Turns out there was no appreciable difference as far as I can tell. I used the Django project as a test bed (which took ~20 seconds to process) and with or without a setting to reduce the number of processes it ran in roughly the same amount of time. This included runs where I dropped the disk file caches as well. Very cool.

The last thing I wanted was to add the ability to filter out duplicate files. To do so I needed to build a hash of the file contents and then check if anything matches. I had a look into adding murmur3 hash which is one of the faster hashing methods, but decided against it and used MD5. The main reason being that its in the standard library. It is slower than murmur3 but not by enough to bring in another dependency.

Another thing that factored into the decision was which hash algorithm allowed streaming bytes. Because the core loop of the application loops bytes we can feed that byte into the hash directly and get the result at the end rather than passing all the bytes and save another loop. Checking for duplicates slows the count down by about 20% for most of the tests I tried.


At this point I started to run though all of the edge case calculations for code counters. Dealing with multi-line strings and the like. This took a while to work out but after a few days I had what appeared to be accurate results.

So with the application producing decent output and being fast I decided I wanted to add some crude complexity calculations to the output. After all yet another code counter is not that useful. Having one that could point out potentially problematic files would allow it to stand apart. Since I did that it blew away most of the performance I put in.

A quick check on 1, 2, 4, 16 and 32 core machines showed that all of a sudden scc went from faster than tokei and loc to slower by about 2x. That is for every second tokei took to count code scc took two.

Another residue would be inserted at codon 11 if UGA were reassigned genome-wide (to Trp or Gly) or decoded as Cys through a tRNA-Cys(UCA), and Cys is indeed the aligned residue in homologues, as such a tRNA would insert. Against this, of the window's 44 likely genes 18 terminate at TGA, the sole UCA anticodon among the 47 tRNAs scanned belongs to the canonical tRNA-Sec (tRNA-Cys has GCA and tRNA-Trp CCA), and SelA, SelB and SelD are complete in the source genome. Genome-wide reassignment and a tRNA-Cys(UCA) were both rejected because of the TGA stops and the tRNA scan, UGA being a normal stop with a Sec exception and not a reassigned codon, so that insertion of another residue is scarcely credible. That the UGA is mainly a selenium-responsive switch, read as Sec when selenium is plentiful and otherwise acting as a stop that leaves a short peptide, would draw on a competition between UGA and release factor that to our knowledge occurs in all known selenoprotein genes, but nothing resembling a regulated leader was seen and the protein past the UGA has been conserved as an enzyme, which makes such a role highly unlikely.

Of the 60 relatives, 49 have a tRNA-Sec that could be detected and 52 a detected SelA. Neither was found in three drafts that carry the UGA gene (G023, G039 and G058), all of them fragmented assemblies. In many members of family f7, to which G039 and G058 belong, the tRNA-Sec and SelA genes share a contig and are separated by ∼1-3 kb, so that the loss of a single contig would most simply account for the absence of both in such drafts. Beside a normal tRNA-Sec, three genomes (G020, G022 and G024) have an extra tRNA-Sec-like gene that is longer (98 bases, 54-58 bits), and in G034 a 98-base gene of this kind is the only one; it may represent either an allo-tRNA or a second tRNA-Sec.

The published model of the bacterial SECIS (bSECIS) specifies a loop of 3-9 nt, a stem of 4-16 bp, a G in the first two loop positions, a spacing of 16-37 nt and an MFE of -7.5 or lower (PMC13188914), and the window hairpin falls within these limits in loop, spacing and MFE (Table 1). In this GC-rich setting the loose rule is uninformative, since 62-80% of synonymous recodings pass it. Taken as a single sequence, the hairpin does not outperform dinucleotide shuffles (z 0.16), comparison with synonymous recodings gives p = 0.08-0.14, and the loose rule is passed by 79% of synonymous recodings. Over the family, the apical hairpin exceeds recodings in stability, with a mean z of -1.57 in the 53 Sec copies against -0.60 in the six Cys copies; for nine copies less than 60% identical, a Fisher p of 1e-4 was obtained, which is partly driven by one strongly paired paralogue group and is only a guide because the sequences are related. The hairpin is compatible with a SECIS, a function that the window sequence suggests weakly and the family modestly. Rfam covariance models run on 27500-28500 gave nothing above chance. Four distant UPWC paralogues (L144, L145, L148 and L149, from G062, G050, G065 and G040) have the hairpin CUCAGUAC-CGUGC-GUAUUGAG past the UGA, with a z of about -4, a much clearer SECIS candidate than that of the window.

The reason is that, firstly I was paying the price for accuracy and secondly that for any byte I was looking at while in the code state meant there were an additional ~8 byte checks to determine if there any code that would require an increase to the complexity count. This ended up producing a large chain of if statements and some additional loops that ate all of the performance I had originally put into the application. Suddenly I was very CPU bound and gaining that performance back was going to be a big ask.

I resorted to salami tactics, that is slice by slice whittle down every possible wasted CPU cycle.

Time to start profiling.

The Go profiling tools are pretty easy to use. I found the easiest way to enable them was to import runtime/pprof and then just after the main function add lines to set it up.

import "runtime/pprof"

func main() {
	f, _ := os.Create("profile.pprof")
	defer pprof.StopCPUProfile()

You then just compile and run, and it will produce a profile.pprof file you can then analyze.

One issue I did run into was running the above using the WSL for Windows. No matter what I did when run in the WSL I would never get any profile output. The solution was the compile on Windows run the application to capture the output and then for the web view use WSL for that and for inspection use Windows.

So to get the nice web output (inside WSL)

go tool pprof -http=localhost:8090 profile.pprof

and to inspect the lines themselves using cmd

go tool pprof profile.pprof

and to get the line by line counts when inside the profiler in cmd


Checking profile output showed that rather unsurprisingly since my addition of the complexity calculation the core loop takes most of the time. In the below the core loop is the large box on the top left side named countStats.